Every day, worldwide, people are falling sick and dying for no better reason than the lack of a good clean toilet, two UN aid agencies said Thursday, underlining a development issue too often overlooked.
About two in every five people have no access to a proper toilet, said the World Health Organisation and the UN Childrens Fund (UNICEF), warning that the lack of sanitation is putting 2.6 billion people at risk of disease.
"In the world today, there are 15 million deaths caused by infectious diseases," said David Heyman, WHO's assistant director general for health security and environment.
"If we had good sanitation today, and good water supplies, we could decrease that immediately by two million -- those children who are dying unnecessarily from diarrhoea diseases."
The United Nations has declared 2008 the International Year of Sanitation, and it made use of International Water Day -- Thursday -- to highlight the issue.
"People don't like to talk about sanitation," said Jon Lane, executive director of the Water Supply and Sanitation Collaborative Council, a UN-mandated organisation that works for better sanitation in poor communities.
"It's a subject that is not spoken about in conventional polite society -- and that's been a problem for a long time."
In a survey by the British Medical Journal of 11,000 health professionals, sanitation was cited as the most important medical advancement since 1840, ahead of vaccines and anaesthesia.
But Lane said that some governments approach the issue in the wrong way.
"They've been a using top-down, centralised, supply-driven, subsidy-driven approach," he said. "They've been building toilets for people who don't want them and use them as bicycle stores and cow sheds and so forth."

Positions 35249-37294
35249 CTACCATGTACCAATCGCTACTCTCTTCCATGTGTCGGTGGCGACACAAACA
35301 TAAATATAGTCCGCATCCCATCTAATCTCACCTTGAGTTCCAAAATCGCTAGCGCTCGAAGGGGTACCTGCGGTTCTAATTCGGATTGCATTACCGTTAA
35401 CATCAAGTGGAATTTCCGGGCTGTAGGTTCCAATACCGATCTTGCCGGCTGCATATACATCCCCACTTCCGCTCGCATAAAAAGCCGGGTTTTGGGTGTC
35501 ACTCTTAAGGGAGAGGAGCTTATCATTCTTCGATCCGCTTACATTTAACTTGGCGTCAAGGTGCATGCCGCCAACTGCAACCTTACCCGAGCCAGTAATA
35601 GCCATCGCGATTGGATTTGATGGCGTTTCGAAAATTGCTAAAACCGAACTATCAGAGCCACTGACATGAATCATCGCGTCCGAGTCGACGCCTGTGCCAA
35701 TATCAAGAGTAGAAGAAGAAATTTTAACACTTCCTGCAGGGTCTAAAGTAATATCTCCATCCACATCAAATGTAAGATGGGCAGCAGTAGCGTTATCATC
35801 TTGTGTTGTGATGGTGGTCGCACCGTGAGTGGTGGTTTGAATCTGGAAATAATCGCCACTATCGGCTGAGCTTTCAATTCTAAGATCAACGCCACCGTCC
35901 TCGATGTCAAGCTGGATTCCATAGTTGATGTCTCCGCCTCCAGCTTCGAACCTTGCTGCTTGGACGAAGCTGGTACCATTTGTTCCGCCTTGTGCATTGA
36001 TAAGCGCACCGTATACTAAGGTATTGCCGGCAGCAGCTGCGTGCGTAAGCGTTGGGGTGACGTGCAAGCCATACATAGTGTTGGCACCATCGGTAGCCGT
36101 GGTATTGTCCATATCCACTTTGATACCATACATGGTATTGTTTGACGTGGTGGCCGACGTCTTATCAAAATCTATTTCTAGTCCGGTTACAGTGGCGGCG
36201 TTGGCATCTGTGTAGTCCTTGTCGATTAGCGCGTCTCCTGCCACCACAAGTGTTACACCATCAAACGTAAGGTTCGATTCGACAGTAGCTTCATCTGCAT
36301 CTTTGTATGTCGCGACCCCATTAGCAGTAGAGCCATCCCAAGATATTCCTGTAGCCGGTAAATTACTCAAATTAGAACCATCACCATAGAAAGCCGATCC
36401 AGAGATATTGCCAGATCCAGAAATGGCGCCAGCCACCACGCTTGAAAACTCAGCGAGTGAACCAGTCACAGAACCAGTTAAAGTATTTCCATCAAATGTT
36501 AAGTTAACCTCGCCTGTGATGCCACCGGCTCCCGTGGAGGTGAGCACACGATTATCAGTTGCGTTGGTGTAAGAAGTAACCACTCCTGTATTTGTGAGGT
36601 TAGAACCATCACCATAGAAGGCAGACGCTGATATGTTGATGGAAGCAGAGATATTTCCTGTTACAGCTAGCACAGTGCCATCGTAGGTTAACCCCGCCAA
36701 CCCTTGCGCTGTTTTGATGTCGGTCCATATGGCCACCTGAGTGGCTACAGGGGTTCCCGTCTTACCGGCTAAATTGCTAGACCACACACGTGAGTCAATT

Too much time was also being wasted on trying to get the private sector involved in sanitation facilities.
"The big multinational companies who were perceived as coming into the water sector don't want to come and manage utilities in developing countries because they have a profit motive which cannot be met in those countries," he said.
As a result, in Africa, six in 10 people have no access to what development agencies call "an improved sanitation facility which separates human waste from human contact".
Lack of sanitation not only increases the risk of disease, but also gives rise to safety issues, particularly for women and children who "risk sexual harassment and assault when defecating at night and in secluded areas".
Between 1990 and 2004, sanitation access improved for 1.2 billion people. But if current trends continue, there will still be 2.4 billion people without toilets in 2015.
UN-Water chairman Pasquale Steduto said: "The entire UN system has a shared responsibility in mobilizing concrete actions towards its achievement; investments must increase immediately."
The WHO estimates that, on average, one US dollar spent on sanitation will wind up 9.10 dollars later.
In Peru, it cost 800 million dollars to respond to a cholera outbreak in 1991 -- far more than the amount needed to improve sanitation and thus prevent such an outbreak from occurring.
UN Secretary General Ban Ki-moon reminded world leaders that one of the Millennium Development Goals that they signed up to in September 2000 was to halve the number of people living without basic sanitation by 2015.
"We are nowhere near on pace to achieve that goal," said Ban in a statement that bemoaned a global lack of political will to tackle the issue.
"Experts predict that by 2015, 2.1 billion people will still lack basic sanitation. At the present rate, sub-Saharan Africa will not reach the target until 2076."